Good feeling again for Travis

In retrospect, Fran Healy didn’t set out to plumb the sonic and lyrical depths into which he descended on “12 Memories,” the ’03 album from his typically optimistic chime-pop outfit Travis. But there’s a good reason the Scotsman courted bad vibes on such dirges as the abuse-themed “Re-Offender” and the anti-war “Beautiful Occupation.”

“I wasn’t particularly comfortable talking about this at the time it came out,” he explains at a recent pre-release party for his band’s latest recording, the conversely chipper “The Boy With No Name,” on Epic.

“But ‘12 Memories’ was about going into therapy, and the record was the therapy sessions. I was feeling really, really bad, and I didn’t want to take any drugs to get myself out of it. So I had three months of hypnotherapy instead, where you went back and fixed your memories. So that’s where the album title came from, and each song on it was a memory I wanted to address.”

Psychoanalysis handed Healy a solid, if somewhat sinister, concept album. And a sense that he’d purged his personal demons.

It was easy, he says, “because I’m the biggest blab — I will confide in everyone. But my worry about going into therapy was, ‘What if I fix what’s wrong with me, but I can’t write songs anymore because I fixed the thing that makes me write songs?’”

Compounded by his getting so caught up in world affairs, Travis performed at the MTV Europe Awards among some hundred naked people onstage who were holding up signs saying “no war” and “no bombs”; the band also publicly expressed its displeasure at Tony Blair’s performance.

But the 33-year-old Healy is over politics and out of his funk.

“I feel older and wiser,” he says.

That’s the reason there are no protest songs on “Boy,” just playful, ringing odes to his wife, Nora (“Closer,” “Battleships”), old friends (“Selfish Jean”), and his year-old son Clay (“My Eyes”), whose birth last March softened the singer’s steely heart.

“He’s a beautiful little guy, really cool and calm,” pop says of the boy, who’ll accompany him on tour when Travis hits the Fillmore tonight. “And I had a lot of friends saying ‘Oh, when you have your child, it’s going to blow your mind; suddenly you have all this responsibility and you grow up.’ But I realized that I’ve been a father already for 10 years in Travis. I mean, just looking after Dougie [Payne, mischievous band bassist] alone is serious business, so I’ve been preparing for fatherhood for a long time.”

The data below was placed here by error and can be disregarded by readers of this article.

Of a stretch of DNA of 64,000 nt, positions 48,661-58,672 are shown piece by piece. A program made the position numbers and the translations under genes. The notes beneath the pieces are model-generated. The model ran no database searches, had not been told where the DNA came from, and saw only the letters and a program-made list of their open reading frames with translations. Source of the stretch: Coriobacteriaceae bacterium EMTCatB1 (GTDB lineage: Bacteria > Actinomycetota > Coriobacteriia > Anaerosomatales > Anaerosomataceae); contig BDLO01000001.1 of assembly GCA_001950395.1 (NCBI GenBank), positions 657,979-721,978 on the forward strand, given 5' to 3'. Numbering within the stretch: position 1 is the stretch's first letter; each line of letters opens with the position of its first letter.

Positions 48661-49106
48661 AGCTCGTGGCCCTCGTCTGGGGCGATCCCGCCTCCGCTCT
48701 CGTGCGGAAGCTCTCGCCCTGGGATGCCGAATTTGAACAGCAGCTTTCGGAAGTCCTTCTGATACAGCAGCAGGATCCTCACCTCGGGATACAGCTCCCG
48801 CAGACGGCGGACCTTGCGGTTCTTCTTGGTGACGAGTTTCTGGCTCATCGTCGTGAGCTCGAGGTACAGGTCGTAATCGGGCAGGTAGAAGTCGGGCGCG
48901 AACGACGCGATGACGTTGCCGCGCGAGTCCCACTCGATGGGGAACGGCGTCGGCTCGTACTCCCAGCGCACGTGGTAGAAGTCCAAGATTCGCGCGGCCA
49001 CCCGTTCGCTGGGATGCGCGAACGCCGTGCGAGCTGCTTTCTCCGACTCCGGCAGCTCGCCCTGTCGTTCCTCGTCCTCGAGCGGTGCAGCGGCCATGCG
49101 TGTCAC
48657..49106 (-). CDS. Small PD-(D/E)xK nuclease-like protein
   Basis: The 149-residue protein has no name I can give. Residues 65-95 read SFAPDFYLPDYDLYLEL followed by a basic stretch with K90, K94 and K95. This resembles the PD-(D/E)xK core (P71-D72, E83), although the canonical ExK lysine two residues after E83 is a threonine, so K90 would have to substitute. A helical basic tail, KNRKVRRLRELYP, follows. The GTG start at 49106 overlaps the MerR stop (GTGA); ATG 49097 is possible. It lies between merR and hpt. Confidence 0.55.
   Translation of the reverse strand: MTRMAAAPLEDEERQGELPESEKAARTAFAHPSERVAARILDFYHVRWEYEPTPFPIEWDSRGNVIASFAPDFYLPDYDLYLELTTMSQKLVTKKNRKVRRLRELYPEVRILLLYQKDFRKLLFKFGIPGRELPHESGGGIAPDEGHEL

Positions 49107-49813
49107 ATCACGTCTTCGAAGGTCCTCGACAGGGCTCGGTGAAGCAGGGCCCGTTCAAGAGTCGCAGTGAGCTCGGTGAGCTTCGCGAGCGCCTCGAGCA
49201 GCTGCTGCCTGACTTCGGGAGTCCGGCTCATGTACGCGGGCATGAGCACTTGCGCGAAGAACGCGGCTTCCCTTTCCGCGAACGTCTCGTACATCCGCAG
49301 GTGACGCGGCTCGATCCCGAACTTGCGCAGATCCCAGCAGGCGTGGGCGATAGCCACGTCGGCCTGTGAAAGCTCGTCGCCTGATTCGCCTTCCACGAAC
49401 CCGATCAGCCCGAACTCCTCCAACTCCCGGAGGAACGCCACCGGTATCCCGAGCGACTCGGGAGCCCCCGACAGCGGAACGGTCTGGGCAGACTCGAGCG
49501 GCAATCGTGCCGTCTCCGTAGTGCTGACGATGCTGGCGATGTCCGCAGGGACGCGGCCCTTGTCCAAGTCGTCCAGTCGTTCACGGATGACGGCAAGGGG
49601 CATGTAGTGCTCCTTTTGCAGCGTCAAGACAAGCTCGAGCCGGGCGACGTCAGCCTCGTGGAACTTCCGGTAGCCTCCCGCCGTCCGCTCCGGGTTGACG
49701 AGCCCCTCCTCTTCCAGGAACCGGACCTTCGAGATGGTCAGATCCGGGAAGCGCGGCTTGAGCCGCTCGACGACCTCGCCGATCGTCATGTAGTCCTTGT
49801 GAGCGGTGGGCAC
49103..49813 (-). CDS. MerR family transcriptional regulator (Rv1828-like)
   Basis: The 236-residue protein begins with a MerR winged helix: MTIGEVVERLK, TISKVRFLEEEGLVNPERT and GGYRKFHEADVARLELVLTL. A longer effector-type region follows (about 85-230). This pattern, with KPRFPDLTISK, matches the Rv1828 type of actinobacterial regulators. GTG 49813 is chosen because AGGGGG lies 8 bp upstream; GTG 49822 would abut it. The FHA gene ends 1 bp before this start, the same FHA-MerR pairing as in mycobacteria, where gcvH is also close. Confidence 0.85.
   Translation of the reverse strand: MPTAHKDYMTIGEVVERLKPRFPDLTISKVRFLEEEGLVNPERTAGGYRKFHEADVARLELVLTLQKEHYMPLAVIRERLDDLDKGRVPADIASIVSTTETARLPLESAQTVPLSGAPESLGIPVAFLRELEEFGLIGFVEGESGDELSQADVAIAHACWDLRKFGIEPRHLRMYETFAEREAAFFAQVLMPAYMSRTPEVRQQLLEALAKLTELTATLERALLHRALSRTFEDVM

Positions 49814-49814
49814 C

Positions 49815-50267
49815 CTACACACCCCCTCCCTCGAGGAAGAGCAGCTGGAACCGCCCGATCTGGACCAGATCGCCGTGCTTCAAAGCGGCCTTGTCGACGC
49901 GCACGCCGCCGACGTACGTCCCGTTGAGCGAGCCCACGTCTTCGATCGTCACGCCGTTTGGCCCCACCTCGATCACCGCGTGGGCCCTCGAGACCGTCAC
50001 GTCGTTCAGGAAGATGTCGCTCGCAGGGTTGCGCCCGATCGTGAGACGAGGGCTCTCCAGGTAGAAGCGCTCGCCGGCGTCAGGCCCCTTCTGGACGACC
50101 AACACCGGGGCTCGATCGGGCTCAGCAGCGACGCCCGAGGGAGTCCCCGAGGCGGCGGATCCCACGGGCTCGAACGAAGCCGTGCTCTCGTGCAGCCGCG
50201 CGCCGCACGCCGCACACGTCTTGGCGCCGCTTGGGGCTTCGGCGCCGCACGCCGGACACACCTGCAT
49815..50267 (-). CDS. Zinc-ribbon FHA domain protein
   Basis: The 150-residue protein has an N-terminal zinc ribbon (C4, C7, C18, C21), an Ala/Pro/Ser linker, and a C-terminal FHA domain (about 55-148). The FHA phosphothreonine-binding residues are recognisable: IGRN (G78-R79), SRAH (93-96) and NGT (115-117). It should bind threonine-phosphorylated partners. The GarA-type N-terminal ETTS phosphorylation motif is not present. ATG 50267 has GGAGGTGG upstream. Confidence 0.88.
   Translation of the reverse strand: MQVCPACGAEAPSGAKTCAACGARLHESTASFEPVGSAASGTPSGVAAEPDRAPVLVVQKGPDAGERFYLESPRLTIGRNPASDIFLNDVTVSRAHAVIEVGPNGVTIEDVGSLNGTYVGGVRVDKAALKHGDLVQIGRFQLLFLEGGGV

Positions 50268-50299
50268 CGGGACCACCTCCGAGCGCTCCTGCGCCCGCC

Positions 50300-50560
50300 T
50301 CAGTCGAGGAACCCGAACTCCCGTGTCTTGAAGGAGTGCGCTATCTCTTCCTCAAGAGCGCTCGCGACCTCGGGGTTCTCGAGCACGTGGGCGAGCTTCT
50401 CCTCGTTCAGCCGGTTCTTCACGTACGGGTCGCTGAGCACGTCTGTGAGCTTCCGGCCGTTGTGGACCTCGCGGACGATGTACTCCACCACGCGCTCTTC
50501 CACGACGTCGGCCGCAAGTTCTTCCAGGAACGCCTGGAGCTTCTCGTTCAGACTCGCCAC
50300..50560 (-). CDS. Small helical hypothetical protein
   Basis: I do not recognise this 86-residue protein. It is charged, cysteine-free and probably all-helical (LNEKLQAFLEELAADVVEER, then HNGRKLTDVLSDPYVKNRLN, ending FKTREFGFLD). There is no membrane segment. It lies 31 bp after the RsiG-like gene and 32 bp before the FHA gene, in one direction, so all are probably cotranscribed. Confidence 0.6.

There’s also a certain sense of parental concern involved with songwriting, admits Healy, who’s actually issued more single B-sides than album tracks. “You give birth to the music, nurture it, introduce it to its audience.”

He adds, “And then let your songs go into the world to do their own thing — even on ‘12 Memories,’ an album of all dark moments and not a lot of sunshine.”

Travis

Where: The Fillmore, 1805 Geary Blvd., San Francisco

When: 8 p.m. today

Tickets: $35

Contact: (415) 421-8497 or www.ticketmaster.com

artsentertainmentOther Arts

Just Posted

Cabernet Sauvignon grapes sit in a container after being crushed at Smith-Madrone Winery in St. Helena, Calif. on Thursday, Sept. 9, 2021. (Courtesy Smith-Madrone Winery)
San Francisco’s ‘Champagne problems’ — Wine industry suffers supply chain woes

‘Everywhere you turn, things that were easy are no longer easy’

Glasses behind the bar at LUNA in the Mission District on Friday, Oct. 15, 2021. Glassware is just one of the many things restaurants have had trouble keeping in stock as supply chain problems ripple outward. (Kevin N. Hume/The Examiner)
SF restaurants face product shortages and skyrocketing costs

‘The supply chain crisis has impacted us in almost every way imaginable’

A Giants fans hangs his head in disbelief after the Dodgers won the NLDS in a controversial finish to a tight Game 5. (Chris Victorio/Special to The Examiner)
Giants dream season ends at the hands of the Dodgers, 2-1

A masterful game comes down to the bottom of the ninth, and San Francisco came up short

<strong>Workers with Urban Alchemy and the Downtown Streets Team clean at Seventh and Market streets on Oct. 12. <ins>(Kevin N. Hume/The Examiner)</ins> </strong>
<ins></ins>
Why is it so hard to keep San Francisco’s streets clean?

Some blame bureaucracy, others say it’s the residents’ fault

Speaker of the House Nancy Pelosi — seen in Washington, D.C., on Tuesday — touted Congressional Democrats’ infrastructure bill in San Francisco on Thursday. (Stefani Reynolds/The New York Times)
Pelosi touts infrastructure bill as it nears finish line

Climate change, social safety net among major priorities of Democrats’ 10-year funding measure

Most Read